By Richard Unsworth
The fiddle leaf fig, fiddler fig, or if you want to get really technical – Ficus Lyrata. The uber ‘it’ plant of the last five years. Surely it’s the only house plant with its own waiting list (Garden Life has a long one)? So just what is it about them that makes many folk go completely la la and want to part with hard earned, cold, hard cash in order to have one?
Is it that their deep lustrous, verdant hand-sized leaves just look so good in any interior space? Is it the big bold burst of green that contrasts so well with our modern interiors? Whether it be industrial minimal, pretty-pretty or contemporary luxe – the fiddler fig seems just so right anywhere you choose to place it.
Whether we like it or not, indoor plants are back with a vengeance, but unlike the previous decades where more was more, it’s now about one major floor specimen, and the fiddler fig is still definitely numero uno.
I love it when they start to get bigger, much bigger, as they begin their transition into mini indoor trees. As they mature, the lower leaves will drop off and the stems take on tiny trunks. Re-potting them into larger pots is the key to enduring growth and it’s easy to get this effect inside given the right conditions.
Garden Life constantly struggles to keep up with demand, partly due to the plants’ slow growing nature – the nurseries can’t physically grow them quick enough, and we are constantly working the phones with our growers, trying to sure up supply, checking their growth and availability.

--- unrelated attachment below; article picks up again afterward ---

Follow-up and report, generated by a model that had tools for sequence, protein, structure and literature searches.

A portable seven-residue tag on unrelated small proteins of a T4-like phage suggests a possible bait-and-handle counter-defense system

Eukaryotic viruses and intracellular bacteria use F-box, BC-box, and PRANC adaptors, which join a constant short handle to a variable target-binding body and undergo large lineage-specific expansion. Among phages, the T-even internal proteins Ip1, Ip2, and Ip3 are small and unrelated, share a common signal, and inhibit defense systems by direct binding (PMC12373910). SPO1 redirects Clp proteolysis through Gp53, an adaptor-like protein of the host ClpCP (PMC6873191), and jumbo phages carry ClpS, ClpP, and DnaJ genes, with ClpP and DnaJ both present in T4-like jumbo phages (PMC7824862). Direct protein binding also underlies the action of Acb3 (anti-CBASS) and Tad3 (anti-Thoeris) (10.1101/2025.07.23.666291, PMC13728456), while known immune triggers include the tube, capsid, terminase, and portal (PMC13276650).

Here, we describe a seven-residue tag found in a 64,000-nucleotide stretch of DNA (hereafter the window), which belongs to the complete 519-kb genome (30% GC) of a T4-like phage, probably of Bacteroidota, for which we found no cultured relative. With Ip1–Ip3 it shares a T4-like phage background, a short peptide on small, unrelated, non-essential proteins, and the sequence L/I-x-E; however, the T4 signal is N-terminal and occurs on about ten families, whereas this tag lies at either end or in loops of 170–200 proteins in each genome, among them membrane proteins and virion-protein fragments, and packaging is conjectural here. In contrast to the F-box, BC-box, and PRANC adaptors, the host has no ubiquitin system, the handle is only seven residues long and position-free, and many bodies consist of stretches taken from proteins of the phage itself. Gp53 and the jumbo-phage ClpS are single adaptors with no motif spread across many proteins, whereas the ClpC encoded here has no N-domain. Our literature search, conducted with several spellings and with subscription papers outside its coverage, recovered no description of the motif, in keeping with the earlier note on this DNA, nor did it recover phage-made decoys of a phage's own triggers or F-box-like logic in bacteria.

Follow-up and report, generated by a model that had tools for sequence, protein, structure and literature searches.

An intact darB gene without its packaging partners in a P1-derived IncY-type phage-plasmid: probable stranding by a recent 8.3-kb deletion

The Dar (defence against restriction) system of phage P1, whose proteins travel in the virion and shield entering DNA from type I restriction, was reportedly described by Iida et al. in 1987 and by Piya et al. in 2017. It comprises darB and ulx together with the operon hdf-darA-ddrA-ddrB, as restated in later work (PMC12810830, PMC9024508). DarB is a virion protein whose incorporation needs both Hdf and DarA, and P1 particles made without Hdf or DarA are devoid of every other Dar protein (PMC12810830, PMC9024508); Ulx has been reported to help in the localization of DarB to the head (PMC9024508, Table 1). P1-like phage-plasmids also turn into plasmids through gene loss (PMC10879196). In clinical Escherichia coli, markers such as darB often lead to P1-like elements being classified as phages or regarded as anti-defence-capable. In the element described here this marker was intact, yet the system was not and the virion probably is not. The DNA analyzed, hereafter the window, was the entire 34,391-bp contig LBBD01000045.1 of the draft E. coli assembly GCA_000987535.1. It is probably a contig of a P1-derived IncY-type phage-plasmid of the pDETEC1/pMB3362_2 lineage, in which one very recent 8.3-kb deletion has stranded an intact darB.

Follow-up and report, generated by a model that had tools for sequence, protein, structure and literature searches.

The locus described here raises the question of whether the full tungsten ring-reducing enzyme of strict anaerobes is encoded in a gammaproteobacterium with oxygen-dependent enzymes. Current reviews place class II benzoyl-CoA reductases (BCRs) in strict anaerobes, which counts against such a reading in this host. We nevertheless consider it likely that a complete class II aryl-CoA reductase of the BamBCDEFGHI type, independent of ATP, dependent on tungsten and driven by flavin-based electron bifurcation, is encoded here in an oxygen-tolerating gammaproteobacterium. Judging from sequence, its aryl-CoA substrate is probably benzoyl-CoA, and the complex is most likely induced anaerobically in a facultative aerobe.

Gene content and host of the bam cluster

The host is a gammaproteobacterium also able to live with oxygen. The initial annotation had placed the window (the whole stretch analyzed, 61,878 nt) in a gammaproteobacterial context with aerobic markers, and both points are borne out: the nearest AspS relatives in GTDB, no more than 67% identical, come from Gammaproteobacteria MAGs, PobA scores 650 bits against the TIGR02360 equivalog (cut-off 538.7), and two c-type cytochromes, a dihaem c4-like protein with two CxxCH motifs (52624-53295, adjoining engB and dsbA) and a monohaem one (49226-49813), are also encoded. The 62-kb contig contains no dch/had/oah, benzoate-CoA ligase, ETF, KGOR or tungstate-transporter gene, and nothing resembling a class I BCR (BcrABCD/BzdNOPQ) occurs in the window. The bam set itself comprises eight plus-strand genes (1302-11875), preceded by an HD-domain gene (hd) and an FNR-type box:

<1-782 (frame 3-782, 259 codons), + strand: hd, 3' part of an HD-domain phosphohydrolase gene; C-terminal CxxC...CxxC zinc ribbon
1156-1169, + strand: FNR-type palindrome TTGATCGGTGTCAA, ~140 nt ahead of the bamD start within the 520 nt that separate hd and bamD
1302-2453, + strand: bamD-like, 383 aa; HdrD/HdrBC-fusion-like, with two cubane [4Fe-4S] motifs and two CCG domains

I think some of our growers do quietly smile at our inner city houseplant addiction, remembering a time 10 years ago when they had greenhouses full of them and couldn’t actually give them away – can you actually imagine such a time?
When they are healthy and vibrant, there is nothing that can touch them, so to ensure your new friend always looks its best, check out my tips:
- F.Figs love a well-lit position indoors, so select something else if you have a dark space – consider the rubber plant (Ficus Elastica ‘burgundy’) or a Kentia Palm.
- F.Figs don’t need to be constantly moist, let them dry out between watering – but you must water them well – as a general rule, once a week is sufficient.
- Best take them outside, in a shower, or atop a sink, so you can water well and the water can freely drain out.
- If it’s really dry (stick your finger in, does it feel dry? Dry potting mix will not stick to your finger) you may need to dunk/soak it in a large bucket for a few hours.
- Use a liquid feed, such as Nitrosol or house plant food every two weeks during spring/summer – so one week water, the next week feed it, next week water, etc.
- If you want your F.Fig to grow ‘tree-like’ and touch the ceiling, consider re-potting your fig into a larger plastic pot, using best quality premium potting mix– they will love you for it and put on lots of new growth.
- If yours now looks like sad sticks, (RIP) it may be curtains, but try taking it outside, in a morning sun position, or filtered light under a tree, water it, feed it, talk to it, get on your knees and pray godammit! It should come back, just a little slowly.
–Richard Unsworth is a renowned garden designer, writer and traveller. He is also the owner of Sydney’s iconic outdoor store, Garden Life, and has played a part in Australia’s landscape design scene for the past 15 years.